Limits...
Sustained miRNA-mediated knockdown of mutant AAT with simultaneous augmentation of wild-type AAT has minimal effect on global liver miRNA profiles.

Mueller C, Tang Q, Gruntman A, Blomenkamp K, Teckman J, Song L, Zamore PD, Flotte TR - Mol. Ther. (2012)

Bottom Line: In addition, decreased globular accumulation of misfolded Z-AAT in hepatocytes and a reduction in inflammatory infiltrates in the liver was observed.These data suggests that miRNA mediated knockdown does not saturate the miRNA pathway as has been seen with viral vector expression of short hairpin RNAs (shRNAs).This safe dual-therapy approach can be applied to other disorders such as amyotrophic lateral sclerosis, Huntington disease, cerebral ataxia, and optic atrophies.

View Article: PubMed Central - PubMed

Affiliation: Department of Pediatrics and Gene Therapy Center, UMass Medical School, Worcester, Massachusetts 01605, USA. chris.mueller@umassmed.edu

ABSTRACT
α-1 antitrypsin (AAT) deficiency can exhibit two pathologic states: a lung disease that is primarily due to the loss of AAT's antiprotease function, and a liver disease resulting from a toxic gain-of-function of the PiZ-AAT (Z-AAT) mutant protein. We have developed several recombinant adeno-associated virus (rAAV) vectors that incorporate microRNA (miRNA) sequences targeting the AAT gene while also driving the expression of miRNA-resistant wild-type AAT-PiM (M-AAT) gene, thus achieving concomitant Z-AAT knockdown in the liver and increased expression of M-AAT. Transgenic mice expressing the human PiZ allele treated with dual-function rAAV9 vectors showed that serum PiZ was stably and persistently reduced by an average of 80%. Treated animals showed knockdown of Z-AAT in liver and serum with concomitant increased serum M-AAT as determined by allele-specific enzyme-linked immunosorbent assays (ELISAs). In addition, decreased globular accumulation of misfolded Z-AAT in hepatocytes and a reduction in inflammatory infiltrates in the liver was observed. Results from microarray studies demonstrate that endogenous miRNAs were minimally affected by this treatment. These data suggests that miRNA mediated knockdown does not saturate the miRNA pathway as has been seen with viral vector expression of short hairpin RNAs (shRNAs). This safe dual-therapy approach can be applied to other disorders such as amyotrophic lateral sclerosis, Huntington disease, cerebral ataxia, and optic atrophies.

Show MeSH

Related in: MedlinePlus

In vivo knockdown of Z-AAT with simultaneous augmentation of M-AAT after rAAV9 dual-function vector delivery. Transgenic mice expressing the human PiZ allele were injected with 1 × 1012 virus particles or rAAV9 expressing miRNAs against AAT and a de-targeted cMyc tagged wild-type M-AAT cDNA under the control of the hybrid chicken β-actin promoter via the tail vein. (a) Serums from each cohort were collected on a weekly basis and were used to assess Z-AAT concentration by ELISA. Serum Z-AAT levels at each timepoint are expressed as a percent knockdown as compared to the rAAV9-GFP cohort by using a Z-specific AAT ELISA and M-AAT levels are calculated by using an ELISA to quantify the cMYC tag on the wild-type protein. Data are expressed as group means ±SEM (n = 6). Statistical significance was set at * ≤0.05 as determined by a two-way ANOVA comparing each treatment group to the control rAAV-GFP group. Blue dashed line in the upper panel indicates therapeutic levels of wild-type PiM AAT as determined by the FDA and therapeutic knockdown of PiZ protein in the lower panel as determined by achieving levels expected in a PiZ heterozygous status. Total RNA from mouse livers was used to assay for the presence of the either (b) Z-AAT mRNA or (c) M-AAT mRNA by qRT-PCR. Data are expressed as group means ±SEM (n = 6). * ≤0.05 as determined by a two-way unpaired Student's t-test. AAT, α-1 antitrypsin; ANOVA, analysis of variance; cDNA, complementary DNA; ELISA, enzyme-linked immunosorbent assay; CB-GFP, chicken β-actin–green fluorescent protein; FDA, Food and Drug Administration; mRNA, messenger RNA; miRNA, microRNA; ND, not detected; qRT-PCR, quantitative reverse transcriptase-PCR; rAAV, recombinant adeno-associated virus.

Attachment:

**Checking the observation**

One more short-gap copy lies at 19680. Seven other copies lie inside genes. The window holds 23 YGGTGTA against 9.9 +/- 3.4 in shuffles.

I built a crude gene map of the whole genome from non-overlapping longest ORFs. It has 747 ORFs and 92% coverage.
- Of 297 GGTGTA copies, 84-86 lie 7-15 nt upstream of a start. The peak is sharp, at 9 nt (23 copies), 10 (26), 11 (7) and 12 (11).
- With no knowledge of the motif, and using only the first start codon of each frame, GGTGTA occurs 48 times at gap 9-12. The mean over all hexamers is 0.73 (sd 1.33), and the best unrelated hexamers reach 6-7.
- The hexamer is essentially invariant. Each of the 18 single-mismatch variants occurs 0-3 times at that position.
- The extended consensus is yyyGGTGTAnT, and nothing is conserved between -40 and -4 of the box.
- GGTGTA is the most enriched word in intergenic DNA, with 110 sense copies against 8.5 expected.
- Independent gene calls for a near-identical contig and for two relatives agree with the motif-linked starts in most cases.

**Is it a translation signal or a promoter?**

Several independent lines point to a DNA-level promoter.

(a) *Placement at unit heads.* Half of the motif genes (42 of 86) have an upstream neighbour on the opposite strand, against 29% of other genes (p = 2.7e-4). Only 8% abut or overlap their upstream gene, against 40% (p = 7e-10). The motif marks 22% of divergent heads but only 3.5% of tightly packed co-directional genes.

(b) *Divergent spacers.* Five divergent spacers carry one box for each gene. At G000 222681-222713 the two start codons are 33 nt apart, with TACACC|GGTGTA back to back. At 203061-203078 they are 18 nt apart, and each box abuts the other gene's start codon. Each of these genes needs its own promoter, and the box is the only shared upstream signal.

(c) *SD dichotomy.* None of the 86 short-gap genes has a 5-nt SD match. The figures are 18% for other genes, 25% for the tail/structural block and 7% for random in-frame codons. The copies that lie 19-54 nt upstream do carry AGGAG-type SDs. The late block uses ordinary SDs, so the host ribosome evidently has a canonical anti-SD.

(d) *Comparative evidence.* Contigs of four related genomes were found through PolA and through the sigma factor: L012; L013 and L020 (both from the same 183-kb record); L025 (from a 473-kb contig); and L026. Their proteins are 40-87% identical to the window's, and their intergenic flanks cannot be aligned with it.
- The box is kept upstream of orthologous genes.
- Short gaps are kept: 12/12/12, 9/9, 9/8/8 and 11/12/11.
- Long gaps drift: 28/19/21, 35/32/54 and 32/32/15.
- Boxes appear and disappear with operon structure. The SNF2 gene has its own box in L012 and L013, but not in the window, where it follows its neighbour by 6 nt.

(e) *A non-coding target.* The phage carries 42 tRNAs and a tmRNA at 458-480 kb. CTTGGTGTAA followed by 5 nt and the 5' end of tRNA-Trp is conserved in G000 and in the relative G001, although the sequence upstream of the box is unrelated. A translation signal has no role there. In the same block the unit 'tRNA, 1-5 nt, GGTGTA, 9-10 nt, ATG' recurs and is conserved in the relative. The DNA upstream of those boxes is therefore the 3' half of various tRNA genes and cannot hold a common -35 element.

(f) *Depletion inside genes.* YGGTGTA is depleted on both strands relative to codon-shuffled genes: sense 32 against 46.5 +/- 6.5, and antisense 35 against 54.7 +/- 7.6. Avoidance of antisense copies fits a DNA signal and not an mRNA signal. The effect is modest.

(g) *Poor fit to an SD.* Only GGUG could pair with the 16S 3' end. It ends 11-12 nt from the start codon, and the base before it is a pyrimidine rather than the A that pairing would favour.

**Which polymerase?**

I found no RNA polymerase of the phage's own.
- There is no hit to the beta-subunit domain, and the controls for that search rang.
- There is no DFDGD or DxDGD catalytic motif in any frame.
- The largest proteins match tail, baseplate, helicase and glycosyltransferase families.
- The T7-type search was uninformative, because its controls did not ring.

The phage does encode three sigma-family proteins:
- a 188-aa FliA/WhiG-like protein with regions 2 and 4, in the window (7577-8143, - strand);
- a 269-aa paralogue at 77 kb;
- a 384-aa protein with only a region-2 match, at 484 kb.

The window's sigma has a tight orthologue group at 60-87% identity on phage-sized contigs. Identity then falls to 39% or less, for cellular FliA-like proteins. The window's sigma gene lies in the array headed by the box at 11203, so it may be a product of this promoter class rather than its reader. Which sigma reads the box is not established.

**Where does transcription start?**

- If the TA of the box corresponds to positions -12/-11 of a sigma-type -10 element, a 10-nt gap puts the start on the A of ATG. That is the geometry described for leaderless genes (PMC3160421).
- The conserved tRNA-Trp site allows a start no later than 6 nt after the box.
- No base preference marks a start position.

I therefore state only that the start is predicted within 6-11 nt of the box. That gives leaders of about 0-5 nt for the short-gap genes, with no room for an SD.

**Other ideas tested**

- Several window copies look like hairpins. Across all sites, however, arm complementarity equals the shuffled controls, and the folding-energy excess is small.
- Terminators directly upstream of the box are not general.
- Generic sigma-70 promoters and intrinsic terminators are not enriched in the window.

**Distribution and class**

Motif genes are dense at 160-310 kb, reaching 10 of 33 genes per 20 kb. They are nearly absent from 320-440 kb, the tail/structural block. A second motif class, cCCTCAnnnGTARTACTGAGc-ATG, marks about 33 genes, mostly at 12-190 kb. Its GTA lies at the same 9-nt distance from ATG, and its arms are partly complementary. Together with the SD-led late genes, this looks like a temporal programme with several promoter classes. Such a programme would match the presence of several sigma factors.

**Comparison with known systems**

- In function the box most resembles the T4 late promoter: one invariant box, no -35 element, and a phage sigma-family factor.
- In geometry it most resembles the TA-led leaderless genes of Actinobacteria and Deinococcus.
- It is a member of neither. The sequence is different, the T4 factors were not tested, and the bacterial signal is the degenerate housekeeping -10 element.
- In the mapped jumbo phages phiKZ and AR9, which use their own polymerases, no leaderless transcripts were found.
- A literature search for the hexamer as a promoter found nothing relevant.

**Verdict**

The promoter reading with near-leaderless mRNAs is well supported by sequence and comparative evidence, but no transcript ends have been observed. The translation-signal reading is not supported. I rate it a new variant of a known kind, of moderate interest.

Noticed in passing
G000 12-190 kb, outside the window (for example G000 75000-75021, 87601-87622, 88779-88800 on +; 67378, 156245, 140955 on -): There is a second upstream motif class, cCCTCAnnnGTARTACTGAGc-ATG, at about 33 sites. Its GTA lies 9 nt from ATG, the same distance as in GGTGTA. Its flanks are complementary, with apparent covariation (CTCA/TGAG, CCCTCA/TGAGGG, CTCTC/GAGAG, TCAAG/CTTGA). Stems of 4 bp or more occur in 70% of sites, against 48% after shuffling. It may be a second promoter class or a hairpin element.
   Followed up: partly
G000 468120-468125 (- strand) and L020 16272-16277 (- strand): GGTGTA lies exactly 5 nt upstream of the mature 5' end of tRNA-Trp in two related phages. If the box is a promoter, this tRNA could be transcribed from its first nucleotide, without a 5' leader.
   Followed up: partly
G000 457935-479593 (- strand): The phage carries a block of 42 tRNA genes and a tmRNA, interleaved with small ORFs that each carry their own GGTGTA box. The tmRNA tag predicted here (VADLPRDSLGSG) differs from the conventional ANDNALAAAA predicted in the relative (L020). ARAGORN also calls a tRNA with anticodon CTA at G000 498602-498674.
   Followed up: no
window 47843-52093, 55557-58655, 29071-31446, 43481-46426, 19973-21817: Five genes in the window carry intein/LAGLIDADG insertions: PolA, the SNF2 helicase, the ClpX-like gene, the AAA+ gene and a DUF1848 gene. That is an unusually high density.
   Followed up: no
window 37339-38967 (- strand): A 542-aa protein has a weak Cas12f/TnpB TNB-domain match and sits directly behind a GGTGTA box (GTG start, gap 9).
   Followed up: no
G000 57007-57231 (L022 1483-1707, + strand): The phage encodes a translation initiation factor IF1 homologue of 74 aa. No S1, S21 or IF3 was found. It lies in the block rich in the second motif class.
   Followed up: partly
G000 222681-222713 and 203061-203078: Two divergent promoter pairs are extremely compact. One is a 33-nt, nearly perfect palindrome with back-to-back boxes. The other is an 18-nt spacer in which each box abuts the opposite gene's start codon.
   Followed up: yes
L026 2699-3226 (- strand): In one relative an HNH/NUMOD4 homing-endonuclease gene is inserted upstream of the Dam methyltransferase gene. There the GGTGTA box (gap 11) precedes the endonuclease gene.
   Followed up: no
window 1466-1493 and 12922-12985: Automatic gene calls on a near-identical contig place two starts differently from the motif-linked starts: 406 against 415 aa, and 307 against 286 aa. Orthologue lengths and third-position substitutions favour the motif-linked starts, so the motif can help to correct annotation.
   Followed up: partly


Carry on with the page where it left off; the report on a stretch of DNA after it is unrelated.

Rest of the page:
© Copyright Policy - open-access
Related In: Results  -  Collection

License
getmorefigures.php?uid=PMC3293602&req=5

fig5: In vivo knockdown of Z-AAT with simultaneous augmentation of M-AAT after rAAV9 dual-function vector delivery. Transgenic mice expressing the human PiZ allele were injected with 1 × 1012 virus particles or rAAV9 expressing miRNAs against AAT and a de-targeted cMyc tagged wild-type M-AAT cDNA under the control of the hybrid chicken β-actin promoter via the tail vein. (a) Serums from each cohort were collected on a weekly basis and were used to assess Z-AAT concentration by ELISA. Serum Z-AAT levels at each timepoint are expressed as a percent knockdown as compared to the rAAV9-GFP cohort by using a Z-specific AAT ELISA and M-AAT levels are calculated by using an ELISA to quantify the cMYC tag on the wild-type protein. Data are expressed as group means ±SEM (n = 6). Statistical significance was set at * ≤0.05 as determined by a two-way ANOVA comparing each treatment group to the control rAAV-GFP group. Blue dashed line in the upper panel indicates therapeutic levels of wild-type PiM AAT as determined by the FDA and therapeutic knockdown of PiZ protein in the lower panel as determined by achieving levels expected in a PiZ heterozygous status. Total RNA from mouse livers was used to assay for the presence of the either (b) Z-AAT mRNA or (c) M-AAT mRNA by qRT-PCR. Data are expressed as group means ±SEM (n = 6). * ≤0.05 as determined by a two-way unpaired Student's t-test. AAT, α-1 antitrypsin; ANOVA, analysis of variance; cDNA, complementary DNA; ELISA, enzyme-linked immunosorbent assay; CB-GFP, chicken β-actin–green fluorescent protein; FDA, Food and Drug Administration; mRNA, messenger RNA; miRNA, microRNA; ND, not detected; qRT-PCR, quantitative reverse transcriptase-PCR; rAAV, recombinant adeno-associated virus.